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This article in AJ

  1. Vol. 97 No. 1, p. 113-117
     
    Received: Dec 3, 2003


    * Corresponding author(s): jap5@psu.edu
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doi:10.2134/agronj2005.0113

Using On-Farm Data to Validate Crop Management Recommendations and Implementation

  1. J. A. Pruss *a,
  2. D. B. Beeglea,
  3. A. J. Turgeona,
  4. R. L. Daya and
  5. R. D. Weaverb
  1. a Dep. of Crop and Soil Sci., Pennsylvania State Univ., University Park, PA 16802
    b Dep. of Agric. Econ. and Rural Sociology, Pennsylvania State Univ., University Park, PA 16802

Abstract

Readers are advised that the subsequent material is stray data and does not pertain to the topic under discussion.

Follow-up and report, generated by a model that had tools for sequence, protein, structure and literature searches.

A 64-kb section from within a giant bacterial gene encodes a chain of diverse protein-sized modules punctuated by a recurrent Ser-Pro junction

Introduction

Although farmers are encouraged to collect field-specific crop management data to optimize on-farm decisions, farm-derived data are often discounted as a source of information for making broader management and environmental evaluations. This study was conducted to illustrate the use of on-farm data for validating management recommendations and implementation. Data collected by farmers and crop management consultants from 1997 to 2000 from 1119 central Pennsylvania fields were used to evaluate the impact of soil series, potentially available added N (PAAN), and rainfall on corn (Zea mays L.) yield, N required to produce a unit of grain, and PAAN in excess or deficit of crop requirement. Results showed that although observed yields generally followed the same relative ranking as the established soil series yield capabilities, they were consistently lower by 13 to 30%. Also, the amount of PAAN per kilogram of corn grain observed was relatively consistent with PAAN recommendations for the most productive soils and about 25% higher for the least productive soils. Actual PAAN was on average 28 kg ha−1 higher than PAAN recommended for observed yields. The higher actual PAAN could be due to the difference between observed yields and established yield capabilities used by farmers to determine PAAN recommendations. Because data also showed that rainfall had a significant effect on observed yields, the inability to predict rainfall was another major cause for the difference between actual and recommended PAAN. The analysis showed the database was useful for evaluating corn yields and N management and confirmed that N practices are generally consistent with recommendations.

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